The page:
Should a volunteer who spends weeks each year helping to set up Greenport events be compensated? Or would that open the door for other volunteers across the Village to get paid?
That was the question at the heart of a split vote decision at the Greenport Village Board meeting Thursday night.
In a 3-2 vote, the board rejected a motion proposed by Trustee Doug Roberts to pay longtime ‘Dances in the Park’ volunteer Diane Mulvaney $1,200 to fill a new events coordinator position created for the weekly event.
Mayor George Hubbard and Village Trustees Julia Robins and Mary Bess Phillips all voted against the proposal, while Mr. Roberts and Trustee Jack Martilotta supported the idea.
Ms. Robins and Ms. Phillips said that while Ms. Mulvaney’s work is appreciated, the move would signal to other village volunteers that they too could be paid someday.
“I do feel this is setting a precedent of paying a volunteer,” Ms. Phillips said, noting that other committees like the tree committee devote equally large amounts of time to their village functions without compensation.
But Mr. Roberts, who serves as a board liaison to the Dances in the Park committee, said the village needed to “invest” in the event, and claimed paying Ms. Mulvaney would be the best way to do it.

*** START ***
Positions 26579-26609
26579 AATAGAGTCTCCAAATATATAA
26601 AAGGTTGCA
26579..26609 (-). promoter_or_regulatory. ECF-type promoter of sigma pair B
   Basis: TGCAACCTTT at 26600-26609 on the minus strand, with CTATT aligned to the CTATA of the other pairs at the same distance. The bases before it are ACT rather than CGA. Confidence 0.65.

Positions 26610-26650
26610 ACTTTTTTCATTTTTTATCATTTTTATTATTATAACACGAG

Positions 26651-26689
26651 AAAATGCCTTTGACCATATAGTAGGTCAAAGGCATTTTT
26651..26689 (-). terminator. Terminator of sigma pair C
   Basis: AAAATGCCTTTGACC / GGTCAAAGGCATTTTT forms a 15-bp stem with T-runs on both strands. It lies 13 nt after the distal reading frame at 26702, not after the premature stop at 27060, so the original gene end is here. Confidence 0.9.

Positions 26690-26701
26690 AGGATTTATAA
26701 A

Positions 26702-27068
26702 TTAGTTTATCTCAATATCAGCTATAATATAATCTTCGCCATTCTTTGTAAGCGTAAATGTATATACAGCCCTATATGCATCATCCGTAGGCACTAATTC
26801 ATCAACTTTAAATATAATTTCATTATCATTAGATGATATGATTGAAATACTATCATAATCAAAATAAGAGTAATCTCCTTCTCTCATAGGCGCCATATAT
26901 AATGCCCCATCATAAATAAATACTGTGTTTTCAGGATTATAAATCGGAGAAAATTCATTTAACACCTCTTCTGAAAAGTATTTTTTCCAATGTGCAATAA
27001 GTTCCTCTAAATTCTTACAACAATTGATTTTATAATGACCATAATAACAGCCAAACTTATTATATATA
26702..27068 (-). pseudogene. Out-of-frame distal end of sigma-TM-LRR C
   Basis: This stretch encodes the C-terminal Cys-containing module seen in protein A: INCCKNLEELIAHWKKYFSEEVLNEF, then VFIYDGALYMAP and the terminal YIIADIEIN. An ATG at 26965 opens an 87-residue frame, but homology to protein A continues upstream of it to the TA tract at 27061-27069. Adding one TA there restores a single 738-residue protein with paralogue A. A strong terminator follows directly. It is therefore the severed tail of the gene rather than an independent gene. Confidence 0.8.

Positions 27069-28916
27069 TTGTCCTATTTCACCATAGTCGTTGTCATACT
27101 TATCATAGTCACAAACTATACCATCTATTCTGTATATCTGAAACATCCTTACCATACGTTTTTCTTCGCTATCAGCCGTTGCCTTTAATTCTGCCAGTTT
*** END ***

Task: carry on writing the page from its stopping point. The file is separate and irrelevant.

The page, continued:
“What became clear to me is it’s a ton of work,” he said. “It’s become an event, a destination for folks on the North Fork.”
Mr. Roberts noted that Ms. Mulvaney was the only person who responded to a job opening for the position; the job opening had been created after an earlier attempt by Mr. Roberts to compensate Ms. Mulvaney, as state law requires proper posting of any job listings.
Mr. Martilotta said the event benefits residents and local businesses who get foot traffic on Mondays.
In the face of criticism from Ms. Phillips and Ms. Robins, Mr. Roberts attacked the funding of the upcoming Tall Ships festival, a common theme since his election campaign earlier this year. He questioned why the Village Board would pay for a Tall Ships coordinator but not a Dances in the Park coordinator and said the board should “invest in this [event] over festivals for tourists.”
But Ms. Phillips said Dances in the Park started years ago as a volunteer operation. Tall Ships festival, she said, is magnitudes more complex than Dances.
Mr. Hubbard said he appreciated the effort Ms. Mulvaney puts into the event, and would honor her with a proclamation. But he worried that choosing to pay her now might upset some sponsors of the event, who were not informed when they paid the village that their sponsorships would go toward Ms. Mulvaney’s salary.
“They didn’t know they were going to be paying somebody,” he said. “I want to be honest and upfront with them.”
Mr. Roberts replied that “two-thirds of donors measured by dollars” supported paying Ms. Mulvaney, but Mr. Hubbard stood by his decision. The Village Board may revisit the idea in the winter when planning next year’s events, Mr. Hubbard said.
“Hopefully we can revisit this and put together a package deal,” Mr. Hubbard said. “One way or another we’ll honor her.”